People stand near an Advent wreath in Budapest, Hungry. This week, we celebrate Gaudete Sunday. Literally translated from Latin, the word “gaudete” means “rejoice.” (CNS photo/Balazs Mohai, EPA)

“Life moves pretty fast. If you don’t stop and look around once in a while, you could miss it.”

That iconic line from the 1986 film “Ferris Bueller’s Day Off” seems pretty off-base just a little more than a week away from Christmas, doesn’t it? Stop and look around? There’s no time for that.

(See a related video.)

There’s shopping and wrapping to be done. The house has to be cleaned and Christmas cards have to be mailed. Cookies need to be baked, plated up and distributed. Who’s got time to stop or slow down?

Does any of this sound familiar? Unfortunately, it probably does for far too many of us. But, wait, isn’t this supposed to be a season of joy? After all, isn’t the whole purpose of this season to prepare for the amazing gift of the birth of Christ? Luckily, we have something that can get us back on track.


This week, we celebrate Gaudete Sunday. Literally translated from Latin, the word “gaudete” means “rejoice.” And that message comes through loud and clear in this week’s readings.

This mid-Advent celebration offers us a short timeout to stop, catch our breath and refocus on the joy and purpose of the season. And if we didn’t notice the change in the Advent message this week, the rose-colored candle and vestments we see for this week only during Advent certainly provide a subtle stop — or at least a slowdown — sign for us.

The message of rejoice comes through loud and clear starting with this week’s first reading from the Book of Zephaniah. In fact, within the first three lines we hear the words “joy,” “joyful” and “glad.” And it doesn’t stop there, further encouraging us to “sing joyfully” and “be glad and exult with all your heart.”

The second reading from the Letter to the Philippians offers even more ways to embrace the joy of the season, instructing us that “your kindness should be known to all” and “have no anxiety at all.”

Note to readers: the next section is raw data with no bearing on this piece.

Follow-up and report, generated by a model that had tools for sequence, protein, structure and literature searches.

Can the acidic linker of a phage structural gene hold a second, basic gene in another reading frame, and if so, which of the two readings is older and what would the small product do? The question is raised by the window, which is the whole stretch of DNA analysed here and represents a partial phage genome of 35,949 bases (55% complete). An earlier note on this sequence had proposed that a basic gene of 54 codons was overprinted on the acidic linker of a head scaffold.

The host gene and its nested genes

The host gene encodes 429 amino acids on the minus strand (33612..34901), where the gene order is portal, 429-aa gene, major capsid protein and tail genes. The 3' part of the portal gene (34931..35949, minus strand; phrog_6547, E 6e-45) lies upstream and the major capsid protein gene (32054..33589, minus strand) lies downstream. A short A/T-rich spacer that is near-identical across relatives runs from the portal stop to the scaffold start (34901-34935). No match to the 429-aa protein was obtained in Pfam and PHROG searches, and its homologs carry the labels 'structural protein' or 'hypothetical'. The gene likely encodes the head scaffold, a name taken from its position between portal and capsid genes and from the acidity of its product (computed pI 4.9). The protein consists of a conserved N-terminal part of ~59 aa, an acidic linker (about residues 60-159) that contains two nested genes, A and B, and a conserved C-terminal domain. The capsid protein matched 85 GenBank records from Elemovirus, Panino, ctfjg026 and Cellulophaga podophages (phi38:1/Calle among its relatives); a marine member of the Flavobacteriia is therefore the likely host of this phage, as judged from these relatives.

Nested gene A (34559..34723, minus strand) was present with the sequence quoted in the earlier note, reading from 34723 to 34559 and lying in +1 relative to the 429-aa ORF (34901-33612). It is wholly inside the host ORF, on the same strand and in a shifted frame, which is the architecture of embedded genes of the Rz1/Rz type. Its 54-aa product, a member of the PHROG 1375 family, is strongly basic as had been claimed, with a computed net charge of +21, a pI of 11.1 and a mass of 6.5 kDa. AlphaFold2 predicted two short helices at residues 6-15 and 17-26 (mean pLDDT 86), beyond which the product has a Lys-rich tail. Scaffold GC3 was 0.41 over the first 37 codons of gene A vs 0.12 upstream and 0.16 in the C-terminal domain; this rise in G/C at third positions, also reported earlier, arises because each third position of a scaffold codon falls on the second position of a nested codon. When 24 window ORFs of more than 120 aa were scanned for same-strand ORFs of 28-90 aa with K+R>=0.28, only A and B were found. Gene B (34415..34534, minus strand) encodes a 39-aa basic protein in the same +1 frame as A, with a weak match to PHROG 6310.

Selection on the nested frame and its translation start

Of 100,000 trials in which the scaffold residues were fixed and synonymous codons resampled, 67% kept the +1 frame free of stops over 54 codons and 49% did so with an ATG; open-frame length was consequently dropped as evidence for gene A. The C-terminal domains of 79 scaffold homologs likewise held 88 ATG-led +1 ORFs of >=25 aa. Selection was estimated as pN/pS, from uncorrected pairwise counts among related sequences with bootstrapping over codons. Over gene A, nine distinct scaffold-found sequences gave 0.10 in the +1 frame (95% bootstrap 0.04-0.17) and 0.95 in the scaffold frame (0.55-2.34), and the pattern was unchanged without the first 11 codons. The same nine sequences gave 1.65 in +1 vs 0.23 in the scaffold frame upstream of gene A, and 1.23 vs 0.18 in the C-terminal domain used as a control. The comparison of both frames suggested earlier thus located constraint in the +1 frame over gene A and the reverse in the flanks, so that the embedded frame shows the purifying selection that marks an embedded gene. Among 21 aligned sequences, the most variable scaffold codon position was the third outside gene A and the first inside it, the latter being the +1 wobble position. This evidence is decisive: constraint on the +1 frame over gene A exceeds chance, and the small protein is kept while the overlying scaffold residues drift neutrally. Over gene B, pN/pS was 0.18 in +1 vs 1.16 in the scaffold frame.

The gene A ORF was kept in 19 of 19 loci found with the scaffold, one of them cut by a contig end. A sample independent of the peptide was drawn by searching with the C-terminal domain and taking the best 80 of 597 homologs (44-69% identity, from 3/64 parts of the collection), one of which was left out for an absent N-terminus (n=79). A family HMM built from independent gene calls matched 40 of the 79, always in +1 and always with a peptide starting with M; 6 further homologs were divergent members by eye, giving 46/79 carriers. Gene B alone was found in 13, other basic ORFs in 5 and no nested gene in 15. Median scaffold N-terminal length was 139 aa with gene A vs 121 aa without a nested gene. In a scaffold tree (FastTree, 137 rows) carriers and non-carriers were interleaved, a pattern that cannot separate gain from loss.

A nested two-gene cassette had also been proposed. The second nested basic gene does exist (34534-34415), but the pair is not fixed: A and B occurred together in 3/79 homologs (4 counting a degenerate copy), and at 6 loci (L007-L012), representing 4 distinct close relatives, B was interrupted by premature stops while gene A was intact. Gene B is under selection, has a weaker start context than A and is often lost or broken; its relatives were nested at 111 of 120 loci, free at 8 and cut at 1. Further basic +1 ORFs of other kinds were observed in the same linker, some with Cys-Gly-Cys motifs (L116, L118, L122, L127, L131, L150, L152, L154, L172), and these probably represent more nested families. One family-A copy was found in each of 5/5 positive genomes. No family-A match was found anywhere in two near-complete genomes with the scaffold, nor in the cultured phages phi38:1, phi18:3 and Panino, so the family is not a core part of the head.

Great, you might be thinking, but the reality is that right now there are quite a few challenges to being joyful, of which the stress of the season is the least pressing. In fact, these days, joy or a cause for it sometimes seem to be in short supply.

Well, even then we are encouraged to remain in joy, says Pope Francis. In an Angelus address for Gaudete Sunday last year, he encouraged us to remain joyful “even when things do not go according to our desires. Anxieties, difficulties and sufferings permeate our lives, and so many times the reality around us seems to be inhospitable and arid, like the desert in which the voice of John the Baptist resounded, as the Gospel of today recalls.”


OK, so the message in the first two readings is clear that now is the time to focus on the joy of the season. But what does that even look like? Does it mean we have to walk around happy all the time?

In his book, “Here and Now,” renowned priest and author Henri Nouwen says, “Joy is not the same as happiness. We can be unhappy about many things, but joy can still be there because it comes from the knowledge of God’s love for us.”

“Joy,” he says, “is essential to the spiritual life. Whatever we may think of or say about God, when we are not joyful, our thoughts and words cannot bear fruit. Jesus reveals to us God’s love so that his joy may become ours and that our joy may become complete. Joy is the experience of knowing that you are unconditionally loved and that nothing — sickness, failure, emotional distress, oppression, war or even death — can take that love away.”

Once we embrace that joy, the Gospel from Luke offers a ready-made plan for ways to share that joy with others, saying “Whoever has two cloaks should share with the person who has none. And whoever has food should do likewise (3:11).”

As Henri Nouwen says, “Joy does not simply happen to us. We have to choose joy and keep choosing it every day.” Luckily, Gaudete Sunday provides us a perfect opportunity to do just that as we head toward the end of Advent, culminating in the perfect joy of Christ’s birth.

Hines-Brigger is co-executive editor of St. Anthony Messenger.